const Destructuring = () => {
  const {
    auth: { token },
    placements: {
  } = this.props;
  return (
    <div auth={auth} key={id}>
      <Link token={token} to={`/placements/${website_url}`} key={id}>
        <img alt={company_name} src={company_logo_url} />
      <CompanyRankings ranking={company_ranking} />

As you see in the example above, destructuring allows us to eliminate the use of the word props altogether. This has the benefit of making the code much easier to read and allows for greater adherence to the DRY principle by eliminating repeated lines of code. Finally, the number of steps required to access certain object properties are also reduced.

Limit the number of props passed to components: Although props are a very helpful feature in React too much for a good thing is often bad, as is the case here. If lots of props are passed to a single component, it make that component hard to read and maintain down the line. Therefore, try to limit the number of props passed into components down to a reasonable number(no more that 5 is my personal rule). If you truly do need more props passed in, consider breaking down that component into smaller components and dividing the props between the two components accordingly.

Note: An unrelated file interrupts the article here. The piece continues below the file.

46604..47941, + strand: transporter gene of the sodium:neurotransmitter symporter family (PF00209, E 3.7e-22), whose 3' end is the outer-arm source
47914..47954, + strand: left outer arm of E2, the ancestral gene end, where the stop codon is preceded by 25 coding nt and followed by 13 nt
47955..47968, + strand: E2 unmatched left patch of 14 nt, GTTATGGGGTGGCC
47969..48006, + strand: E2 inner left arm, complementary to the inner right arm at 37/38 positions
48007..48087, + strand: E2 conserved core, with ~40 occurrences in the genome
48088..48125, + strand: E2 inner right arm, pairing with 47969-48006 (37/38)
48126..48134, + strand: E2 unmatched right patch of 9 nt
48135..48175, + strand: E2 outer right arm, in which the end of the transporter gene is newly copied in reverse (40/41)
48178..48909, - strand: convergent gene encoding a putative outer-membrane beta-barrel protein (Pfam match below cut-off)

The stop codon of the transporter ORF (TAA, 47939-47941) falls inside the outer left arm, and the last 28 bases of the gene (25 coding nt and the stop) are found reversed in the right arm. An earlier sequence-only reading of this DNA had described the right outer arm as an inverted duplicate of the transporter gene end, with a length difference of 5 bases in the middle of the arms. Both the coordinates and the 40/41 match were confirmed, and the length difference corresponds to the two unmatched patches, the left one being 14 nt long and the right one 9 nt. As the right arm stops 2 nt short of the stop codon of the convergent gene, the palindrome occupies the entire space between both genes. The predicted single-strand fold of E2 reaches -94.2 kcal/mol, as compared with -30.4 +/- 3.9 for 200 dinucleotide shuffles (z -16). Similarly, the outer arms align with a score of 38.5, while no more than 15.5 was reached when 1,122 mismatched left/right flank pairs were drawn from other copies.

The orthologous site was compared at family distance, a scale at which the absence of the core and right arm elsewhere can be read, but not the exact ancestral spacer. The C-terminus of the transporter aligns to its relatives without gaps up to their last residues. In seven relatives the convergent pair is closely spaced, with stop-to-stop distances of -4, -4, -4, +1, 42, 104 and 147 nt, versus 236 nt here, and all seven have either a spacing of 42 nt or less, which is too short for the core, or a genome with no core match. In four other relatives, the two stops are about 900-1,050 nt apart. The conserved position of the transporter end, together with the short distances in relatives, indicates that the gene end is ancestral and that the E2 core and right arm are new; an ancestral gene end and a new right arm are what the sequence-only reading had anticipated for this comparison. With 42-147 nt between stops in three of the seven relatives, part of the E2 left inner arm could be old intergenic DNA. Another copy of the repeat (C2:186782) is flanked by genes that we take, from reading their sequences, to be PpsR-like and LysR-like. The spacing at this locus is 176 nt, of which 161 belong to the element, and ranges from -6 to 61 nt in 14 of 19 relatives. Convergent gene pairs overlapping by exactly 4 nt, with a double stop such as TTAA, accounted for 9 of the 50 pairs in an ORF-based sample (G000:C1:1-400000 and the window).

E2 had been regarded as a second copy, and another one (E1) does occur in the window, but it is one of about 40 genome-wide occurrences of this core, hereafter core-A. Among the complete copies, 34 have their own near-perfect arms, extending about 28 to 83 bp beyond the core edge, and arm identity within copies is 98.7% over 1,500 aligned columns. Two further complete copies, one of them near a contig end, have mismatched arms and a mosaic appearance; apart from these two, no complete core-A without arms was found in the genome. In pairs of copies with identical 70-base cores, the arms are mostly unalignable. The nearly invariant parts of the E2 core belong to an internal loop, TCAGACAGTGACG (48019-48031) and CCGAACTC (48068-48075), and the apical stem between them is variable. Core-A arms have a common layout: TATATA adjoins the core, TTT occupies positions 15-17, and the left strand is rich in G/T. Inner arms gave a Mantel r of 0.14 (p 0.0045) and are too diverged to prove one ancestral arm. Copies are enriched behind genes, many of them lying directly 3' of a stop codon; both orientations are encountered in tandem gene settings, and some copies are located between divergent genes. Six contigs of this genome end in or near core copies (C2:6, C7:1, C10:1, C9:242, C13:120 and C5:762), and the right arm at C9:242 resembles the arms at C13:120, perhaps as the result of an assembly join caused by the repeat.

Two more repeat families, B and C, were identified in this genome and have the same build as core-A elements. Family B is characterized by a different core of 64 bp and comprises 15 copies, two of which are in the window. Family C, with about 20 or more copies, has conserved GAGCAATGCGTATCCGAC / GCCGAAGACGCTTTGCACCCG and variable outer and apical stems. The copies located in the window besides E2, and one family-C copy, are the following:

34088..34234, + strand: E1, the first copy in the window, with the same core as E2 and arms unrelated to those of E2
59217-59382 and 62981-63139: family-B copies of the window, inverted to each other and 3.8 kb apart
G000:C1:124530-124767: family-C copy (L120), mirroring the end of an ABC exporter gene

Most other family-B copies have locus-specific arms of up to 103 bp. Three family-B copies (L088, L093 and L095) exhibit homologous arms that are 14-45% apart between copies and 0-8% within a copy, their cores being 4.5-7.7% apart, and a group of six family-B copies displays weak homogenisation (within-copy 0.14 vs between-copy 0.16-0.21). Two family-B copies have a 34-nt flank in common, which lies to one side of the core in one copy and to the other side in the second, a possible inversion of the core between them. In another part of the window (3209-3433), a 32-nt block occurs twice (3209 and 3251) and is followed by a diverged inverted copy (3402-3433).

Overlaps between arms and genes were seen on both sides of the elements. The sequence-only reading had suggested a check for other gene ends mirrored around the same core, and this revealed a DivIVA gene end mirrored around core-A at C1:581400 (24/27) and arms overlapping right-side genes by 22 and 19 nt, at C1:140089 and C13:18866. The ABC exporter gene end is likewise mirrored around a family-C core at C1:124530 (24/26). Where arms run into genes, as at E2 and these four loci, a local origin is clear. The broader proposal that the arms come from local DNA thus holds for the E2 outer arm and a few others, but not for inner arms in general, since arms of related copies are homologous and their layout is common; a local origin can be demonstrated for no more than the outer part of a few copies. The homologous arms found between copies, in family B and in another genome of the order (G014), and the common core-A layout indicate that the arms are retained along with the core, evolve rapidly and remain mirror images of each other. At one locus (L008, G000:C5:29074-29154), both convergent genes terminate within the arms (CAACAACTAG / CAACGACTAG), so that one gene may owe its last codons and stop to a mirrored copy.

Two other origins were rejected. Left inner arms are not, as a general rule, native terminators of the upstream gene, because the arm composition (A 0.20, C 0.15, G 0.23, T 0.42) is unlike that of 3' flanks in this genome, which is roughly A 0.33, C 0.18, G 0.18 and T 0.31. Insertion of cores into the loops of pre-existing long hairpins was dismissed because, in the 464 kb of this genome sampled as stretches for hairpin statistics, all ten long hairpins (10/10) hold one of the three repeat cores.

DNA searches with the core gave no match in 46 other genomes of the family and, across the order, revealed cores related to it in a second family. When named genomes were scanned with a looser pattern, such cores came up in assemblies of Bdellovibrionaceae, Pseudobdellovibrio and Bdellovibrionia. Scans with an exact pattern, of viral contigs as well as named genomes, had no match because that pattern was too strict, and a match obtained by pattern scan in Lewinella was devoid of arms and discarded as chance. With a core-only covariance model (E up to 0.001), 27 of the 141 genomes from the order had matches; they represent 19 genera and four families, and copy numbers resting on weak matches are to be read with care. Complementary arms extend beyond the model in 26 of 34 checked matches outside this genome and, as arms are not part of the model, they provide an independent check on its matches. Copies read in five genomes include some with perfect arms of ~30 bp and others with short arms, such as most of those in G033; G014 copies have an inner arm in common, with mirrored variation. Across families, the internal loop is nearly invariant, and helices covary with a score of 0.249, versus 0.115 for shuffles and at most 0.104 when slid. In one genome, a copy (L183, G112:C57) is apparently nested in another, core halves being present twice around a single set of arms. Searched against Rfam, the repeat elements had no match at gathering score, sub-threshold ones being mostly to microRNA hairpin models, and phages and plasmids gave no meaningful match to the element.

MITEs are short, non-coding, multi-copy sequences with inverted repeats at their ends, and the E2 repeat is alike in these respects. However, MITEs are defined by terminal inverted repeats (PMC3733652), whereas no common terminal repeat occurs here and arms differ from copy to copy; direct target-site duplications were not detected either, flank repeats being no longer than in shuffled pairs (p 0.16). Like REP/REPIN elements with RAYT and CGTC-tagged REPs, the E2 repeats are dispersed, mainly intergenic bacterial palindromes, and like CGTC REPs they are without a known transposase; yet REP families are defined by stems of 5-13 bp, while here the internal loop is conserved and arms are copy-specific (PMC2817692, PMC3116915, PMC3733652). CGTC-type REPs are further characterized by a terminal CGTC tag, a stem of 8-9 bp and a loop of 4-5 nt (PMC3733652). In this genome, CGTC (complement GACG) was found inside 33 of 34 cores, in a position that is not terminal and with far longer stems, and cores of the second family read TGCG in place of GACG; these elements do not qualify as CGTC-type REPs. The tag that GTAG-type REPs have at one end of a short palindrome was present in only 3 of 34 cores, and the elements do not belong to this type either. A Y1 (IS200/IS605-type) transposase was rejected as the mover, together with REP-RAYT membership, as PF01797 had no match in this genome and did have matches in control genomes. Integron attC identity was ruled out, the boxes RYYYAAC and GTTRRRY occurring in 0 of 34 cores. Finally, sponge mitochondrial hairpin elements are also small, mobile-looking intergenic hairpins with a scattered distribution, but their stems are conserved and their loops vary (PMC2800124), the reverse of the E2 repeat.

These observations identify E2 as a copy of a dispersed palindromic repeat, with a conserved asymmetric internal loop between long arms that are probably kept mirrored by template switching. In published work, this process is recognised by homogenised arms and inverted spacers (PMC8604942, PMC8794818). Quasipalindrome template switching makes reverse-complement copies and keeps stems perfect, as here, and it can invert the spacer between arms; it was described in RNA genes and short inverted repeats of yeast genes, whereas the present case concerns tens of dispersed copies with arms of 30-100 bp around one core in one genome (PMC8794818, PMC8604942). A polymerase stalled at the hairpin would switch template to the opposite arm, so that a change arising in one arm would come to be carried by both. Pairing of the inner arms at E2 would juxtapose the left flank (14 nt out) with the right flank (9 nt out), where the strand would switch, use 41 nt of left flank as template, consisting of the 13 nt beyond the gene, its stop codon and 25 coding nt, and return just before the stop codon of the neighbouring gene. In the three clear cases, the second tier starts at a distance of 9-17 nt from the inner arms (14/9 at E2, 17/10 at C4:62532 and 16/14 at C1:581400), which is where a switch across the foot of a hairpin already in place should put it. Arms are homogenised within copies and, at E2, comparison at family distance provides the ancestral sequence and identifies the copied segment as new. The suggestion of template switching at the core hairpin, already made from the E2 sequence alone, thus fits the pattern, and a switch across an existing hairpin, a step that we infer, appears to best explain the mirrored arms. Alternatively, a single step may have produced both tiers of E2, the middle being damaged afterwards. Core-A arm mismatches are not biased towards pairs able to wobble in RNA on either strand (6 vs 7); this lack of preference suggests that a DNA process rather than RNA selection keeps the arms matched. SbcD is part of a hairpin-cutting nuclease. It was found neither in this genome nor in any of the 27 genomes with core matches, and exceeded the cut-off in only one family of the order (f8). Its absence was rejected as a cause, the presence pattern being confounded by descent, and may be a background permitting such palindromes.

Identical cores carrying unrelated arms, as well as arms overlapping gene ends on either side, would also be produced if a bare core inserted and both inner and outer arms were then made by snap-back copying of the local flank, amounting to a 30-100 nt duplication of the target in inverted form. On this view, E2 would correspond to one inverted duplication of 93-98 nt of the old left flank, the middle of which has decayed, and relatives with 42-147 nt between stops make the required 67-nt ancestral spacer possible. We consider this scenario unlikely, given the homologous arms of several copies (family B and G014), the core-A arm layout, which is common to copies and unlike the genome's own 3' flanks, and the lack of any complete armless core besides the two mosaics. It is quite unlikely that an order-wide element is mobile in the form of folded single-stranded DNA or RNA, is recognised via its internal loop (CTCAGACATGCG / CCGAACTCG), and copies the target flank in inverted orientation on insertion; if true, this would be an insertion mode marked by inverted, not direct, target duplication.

Keep components small and specific: This is an important aspect of designing components in React because small, specific components are easier to maintain and understand than large components that encompassing lots of core functionality. Think about it from a debugging perspective as well, would you than debug a large component with lots of tangled logic and code or a small and easy to read component that makes its purpose clear after 10 seconds of reading its code? The latter option is clearly the superior one. So always remember to keep your components small and specific!


Although there are many more details about React components and props that weren't covered in this post, for the sake of brevity Iet us end it here. Hopefully you now have a better idea of what React components and props are, along with why and how we use them.

Thanks for reading this blog post on React Components and Props!

If you have any questions or concerns please feel free to post a comment in this post and I will get back to you when I find the time.